Children age 6 and younger may need to be re-tested if they had a faulty lead test
The American Academy of Pediatrics (AAP), following recommendations
from the Centers for Disease Control and Prevention (CDC), is urging parents of children ages 6 and younger who received a venous blood test for lead (in which blood is drawn from the arm), to discuss with their child's pediatrician whether a new test is needed. This recommendation follows a warning
issued today by the U.S. Food and Drug Administration (FDA) about a specific kind of venous blood lead test conducted using Magellan LeadCare Testing Systems that has been found to underestimate the amount of lead in blood samples.
"Pediatricians work every day to ensure children can grow up healthy and thrive, and part of how we do that is to screen and test for lead exposure in children," said Fernando Stein, MD, FAAP, president of the AAP. "Most children are tested for lead poisoning with a finger or heel stick, which is not impacted by today's warning. Parents of children age 6 and younger who have had a venous blood lead test, meaning blood was drawn from their arm, should talk with their pediatrician about whether their child needs to be re-tested. The AAP will work with our pediatrician members to provide those families impacted by today's warning with the resources and guidance they need to protect their children from lead exposure."
Lead poisoning is usually detected by measuring the level of lead in blood. The most common way children's blood is tested for lead is through a finger or heel stick known as a capillary test. If the results show elevated lead levels, they need to be confirmed through a venous test. Children ages 6 and younger whose results were 10 micrograms per deciliter (µg/dL) or lower from this particular faulty venous test may need to be re-tested.
Children in at least 4 million households are exposed to high lead levels, according to the CDC. Low-level lead exposure, even at blood lead concentrations below 5 µg/dL, can increase the risk of intellectual and academic disabilities in children, and is linked to higher rates of neurobehavioral disorders such as hyperactivity and attention deficits, and lower birth weight.
"There is no safe level of lead exposure for children, and the best 'treatment' for lead poisoning is to prevent lead exposure before it happens," said Jennifer Lowry, MD, FAAP, chair of the American Academy of Pediatrics Council on Environmental Health. "Pediatricians have an important role to play by asking questions about a family's risk for lead exposure. Children can be exposed to lead in a variety of ways, such as living in an older home or a home undergoing renovations, or in a home with lead pipes. Certain toys, hobbies and parents' occupations also increase the risk that a child could be exposed to lead, so it's important to talk with your pediatrician about how to lower your child's risk."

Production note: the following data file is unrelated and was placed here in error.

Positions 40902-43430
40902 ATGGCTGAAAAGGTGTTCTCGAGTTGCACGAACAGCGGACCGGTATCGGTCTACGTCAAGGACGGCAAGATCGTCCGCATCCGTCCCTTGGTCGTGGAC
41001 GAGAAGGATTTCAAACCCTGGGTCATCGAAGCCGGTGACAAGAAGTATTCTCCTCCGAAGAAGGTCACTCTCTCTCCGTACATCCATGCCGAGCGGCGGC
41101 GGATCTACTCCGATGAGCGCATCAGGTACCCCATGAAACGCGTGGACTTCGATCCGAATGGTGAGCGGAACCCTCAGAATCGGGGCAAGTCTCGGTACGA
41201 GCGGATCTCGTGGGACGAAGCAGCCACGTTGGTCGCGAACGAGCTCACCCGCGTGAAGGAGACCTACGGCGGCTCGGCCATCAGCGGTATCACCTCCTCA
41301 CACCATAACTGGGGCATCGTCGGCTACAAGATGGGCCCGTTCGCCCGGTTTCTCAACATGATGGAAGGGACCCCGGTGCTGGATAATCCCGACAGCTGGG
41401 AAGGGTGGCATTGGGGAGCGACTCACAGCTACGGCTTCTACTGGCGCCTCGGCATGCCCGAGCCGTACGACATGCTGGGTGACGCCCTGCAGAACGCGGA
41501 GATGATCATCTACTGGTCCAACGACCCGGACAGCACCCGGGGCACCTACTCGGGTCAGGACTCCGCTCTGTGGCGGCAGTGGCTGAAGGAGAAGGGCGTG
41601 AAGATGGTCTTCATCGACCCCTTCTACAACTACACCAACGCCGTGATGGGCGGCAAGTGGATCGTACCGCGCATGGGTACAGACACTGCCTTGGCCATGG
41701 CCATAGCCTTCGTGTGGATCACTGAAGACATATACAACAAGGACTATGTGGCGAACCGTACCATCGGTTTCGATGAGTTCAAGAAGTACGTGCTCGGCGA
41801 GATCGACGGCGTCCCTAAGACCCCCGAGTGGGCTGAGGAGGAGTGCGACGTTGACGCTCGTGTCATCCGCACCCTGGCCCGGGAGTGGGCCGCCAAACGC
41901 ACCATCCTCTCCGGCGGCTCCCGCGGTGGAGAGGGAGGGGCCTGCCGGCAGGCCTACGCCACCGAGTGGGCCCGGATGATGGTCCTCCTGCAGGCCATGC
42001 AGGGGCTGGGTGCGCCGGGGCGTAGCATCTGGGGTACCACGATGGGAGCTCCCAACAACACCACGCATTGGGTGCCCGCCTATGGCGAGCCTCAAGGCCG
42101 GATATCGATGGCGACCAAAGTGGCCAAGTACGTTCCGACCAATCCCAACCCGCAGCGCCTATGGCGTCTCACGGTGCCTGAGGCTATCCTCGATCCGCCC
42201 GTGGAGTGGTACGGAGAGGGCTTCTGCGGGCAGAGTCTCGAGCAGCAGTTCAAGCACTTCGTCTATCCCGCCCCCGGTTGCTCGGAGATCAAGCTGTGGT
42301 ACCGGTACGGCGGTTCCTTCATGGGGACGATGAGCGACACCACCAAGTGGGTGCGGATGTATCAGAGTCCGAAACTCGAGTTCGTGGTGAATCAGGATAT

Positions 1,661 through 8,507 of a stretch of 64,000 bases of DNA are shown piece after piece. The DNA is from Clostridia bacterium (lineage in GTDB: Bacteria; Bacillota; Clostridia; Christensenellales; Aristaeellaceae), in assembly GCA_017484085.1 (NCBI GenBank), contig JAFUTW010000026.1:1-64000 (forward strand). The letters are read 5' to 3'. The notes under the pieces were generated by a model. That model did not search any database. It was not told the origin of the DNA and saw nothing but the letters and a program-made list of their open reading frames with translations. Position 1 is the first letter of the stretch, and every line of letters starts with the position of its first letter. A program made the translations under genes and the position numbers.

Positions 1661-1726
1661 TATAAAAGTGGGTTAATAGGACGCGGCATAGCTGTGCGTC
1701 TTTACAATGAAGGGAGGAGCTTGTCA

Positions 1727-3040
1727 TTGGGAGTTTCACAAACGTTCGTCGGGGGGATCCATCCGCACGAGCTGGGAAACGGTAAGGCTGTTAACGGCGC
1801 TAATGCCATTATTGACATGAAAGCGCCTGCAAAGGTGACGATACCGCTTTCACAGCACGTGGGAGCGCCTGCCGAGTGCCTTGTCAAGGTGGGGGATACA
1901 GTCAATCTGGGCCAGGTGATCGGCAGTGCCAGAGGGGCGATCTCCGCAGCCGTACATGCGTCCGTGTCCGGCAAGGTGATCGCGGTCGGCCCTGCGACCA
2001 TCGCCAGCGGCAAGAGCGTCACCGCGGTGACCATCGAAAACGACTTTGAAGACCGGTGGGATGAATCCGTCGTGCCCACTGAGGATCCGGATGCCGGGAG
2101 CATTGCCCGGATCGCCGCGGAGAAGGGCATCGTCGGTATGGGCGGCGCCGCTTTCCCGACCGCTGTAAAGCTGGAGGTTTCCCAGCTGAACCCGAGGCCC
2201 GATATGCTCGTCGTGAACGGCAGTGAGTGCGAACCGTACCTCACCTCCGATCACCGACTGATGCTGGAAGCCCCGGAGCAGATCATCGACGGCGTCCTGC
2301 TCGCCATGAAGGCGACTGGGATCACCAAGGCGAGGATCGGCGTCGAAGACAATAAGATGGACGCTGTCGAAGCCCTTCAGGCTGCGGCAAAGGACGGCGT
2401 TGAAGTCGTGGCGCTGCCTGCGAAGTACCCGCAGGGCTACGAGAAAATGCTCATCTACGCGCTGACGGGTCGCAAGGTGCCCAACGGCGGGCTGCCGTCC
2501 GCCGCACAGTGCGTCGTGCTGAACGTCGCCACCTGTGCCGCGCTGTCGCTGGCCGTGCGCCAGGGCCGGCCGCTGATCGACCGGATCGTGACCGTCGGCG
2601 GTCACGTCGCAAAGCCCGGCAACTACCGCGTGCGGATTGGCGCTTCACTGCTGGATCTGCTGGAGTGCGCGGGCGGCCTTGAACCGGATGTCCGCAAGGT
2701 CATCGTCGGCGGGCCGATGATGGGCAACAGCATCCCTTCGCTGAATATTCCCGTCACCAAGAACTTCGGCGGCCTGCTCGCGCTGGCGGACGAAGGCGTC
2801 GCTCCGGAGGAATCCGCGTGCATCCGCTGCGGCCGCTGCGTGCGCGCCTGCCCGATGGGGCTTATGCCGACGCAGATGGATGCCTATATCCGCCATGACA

Preventing lead exposure is the most reliable and cost-effective measure to protect children from lead poisoning, according to the AAP. Treatment for children with high levels of lead in their blood is to remove them from the environment that poses the hazard, such as older buildings.
"While today's warning is a reminder about the importance of lead testing to diagnose and treat children who have been exposed to lead, we can and must to more to prevent lead poisoning in the first place," said Dr. Stein. "The AAP calls for stronger federal funding for lead poisoning surveillance and investigations, expanded support for local and state governments to remove lead hazards from children's homes, and stronger federal standards that will truly protect children."
Below are additional resources for parents, pediatricians and other health care professionals:
- FDA warning about the faulty lead test
- CDC recommendations based on today's warning
- AAP News article: "FDA: Blood lead tests may have been inaccurate"
- AAP News article: "Prevention is best protection against childhood lead poisoning"
- HealthyChildren.org information for parents about protecting children from lead exposure
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The American Academy of Pediatrics is an organization of 66,000 primary care pediatricians, pediatric medical subspecialists and pediatric surgical specialists dedicated to the health, safety and well-being of infants, children, adolescents and young adults. For more information, visit www.aap.org